Peer review: An insight into MSFHR’s principles and process

The 2017 Health Professional-Investigator review panel (biomedical and clinical research)
The 2017 Health Professional-Investigator review panel (biomedical and clinical research)

Rigorous peer review is the cornerstone of MSFHR funding programs. It ensures the Foundation supports research that meets the highest scientific standards, invests in BC’s best and brightest researchers, and builds our province’s capacity for world-class health research.

At MSFHR we adhere to six principles shared by all members of the National Alliance of Provincial Health Research Organizations (NAPHRO): integrity, accountability, transparency, balance, confidentiality and impartiality.

In line with these principles we follow these steps for each review cycle:

  • Applications by theme. Depending on the program, applications are categorized by theme with a review panel for each (e.g. biomedical, clinical, health services and population health research). The Chairs and Scientific Officers of all review panels cross check these groupings to ensure the research proposed within each application aligns with the panel it is assigned to.
  • Match reviewers to applications. Once the application deadline has passed, we recruit reviewers who are subject matter experts in areas that directly align with the applications we’ve received. We’ve been matching reviewers to applications based on expertise for 15 years, drawing on ‘external readers’, often from the international community, for highly specialized applications.
  • Hold in-person review meetings. Review panels for our major funding awards are held in person. Each reviewer is encouraged to share unbiased feedback and discuss scoring for each application. We find that through this frank and open discussion, reviewers challenge and hold each other accountable for adjudication decisions. 
    The Convening and Collaborating and Reach Awards which provide smaller funding amounts are not reviewed in-person.
  • Have three rounds of scoring. Two lead reviewers (chosen for their subject matter expertise) share their initial scores. Following panel discussions the lead reviewers have the opportunity to revise their scores, creating the consensus score which forms the basis for the voting range. Finally, all panel members (excluding those with conflicts) score the application anonymously. The average of these scores is the final score for the application.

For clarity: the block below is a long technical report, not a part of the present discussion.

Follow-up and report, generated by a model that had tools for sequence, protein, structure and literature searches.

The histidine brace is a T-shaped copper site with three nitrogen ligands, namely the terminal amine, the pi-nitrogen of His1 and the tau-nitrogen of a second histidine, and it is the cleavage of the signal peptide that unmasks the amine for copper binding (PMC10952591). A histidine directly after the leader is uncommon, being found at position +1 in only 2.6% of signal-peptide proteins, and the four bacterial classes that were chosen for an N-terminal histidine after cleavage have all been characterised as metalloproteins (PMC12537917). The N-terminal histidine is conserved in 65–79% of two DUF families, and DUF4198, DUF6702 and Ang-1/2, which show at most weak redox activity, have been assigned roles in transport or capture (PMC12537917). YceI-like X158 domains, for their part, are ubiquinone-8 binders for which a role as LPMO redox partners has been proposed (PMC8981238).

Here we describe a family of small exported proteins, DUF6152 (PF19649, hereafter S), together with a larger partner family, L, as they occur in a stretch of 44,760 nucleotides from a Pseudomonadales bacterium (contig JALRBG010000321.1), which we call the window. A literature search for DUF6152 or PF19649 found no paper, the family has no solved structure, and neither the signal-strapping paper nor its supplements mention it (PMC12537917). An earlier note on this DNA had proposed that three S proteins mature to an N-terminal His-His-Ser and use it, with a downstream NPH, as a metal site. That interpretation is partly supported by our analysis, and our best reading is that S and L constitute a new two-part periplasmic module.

• Debrief with all reviewers. Our reviewers are seasoned researchers and many sit on panels for a number of funding organizations. At the end of each review meeting we invite them to share feedback on the program, the resources provided to applicants and the review process itself. This ensures we continue to refine our programs and processes to ensure they are of high quality and we continue to meet the highest scientific standards.

MSFHR’s structured peer review process is tailored to meet the needs of each individual funding program. Below is a visual overview of the process for our Scholar program, which has been running since 2001.

"Having served on review panels for numerous agencies over many years I’d say MSFHR has an excellent process in place. The advance planning in disseminating information to the panel members, distributing the grants to be reviewed through an online site, and then making use of a very efficient reviewing site makes the process easy and smooth. By incorporating the online scoring system that works in real time at the panel meetings, it also makes for a very efficient experience at the face-to-face meetings that results in scoring that directly compares all applications using well defined criteria. Overall, a robust and well run peer review process," Dr. Vincent Duronio, Professor, Department of Medicine, University of British Columbia.

Valerie To, Director, Research Competitions added, “We are very proud of our peer review process and hugely grateful to our peer reviewers who volunteer their time and expertise to support the development of BC research talent and nurture a world-class research environment in our province”.


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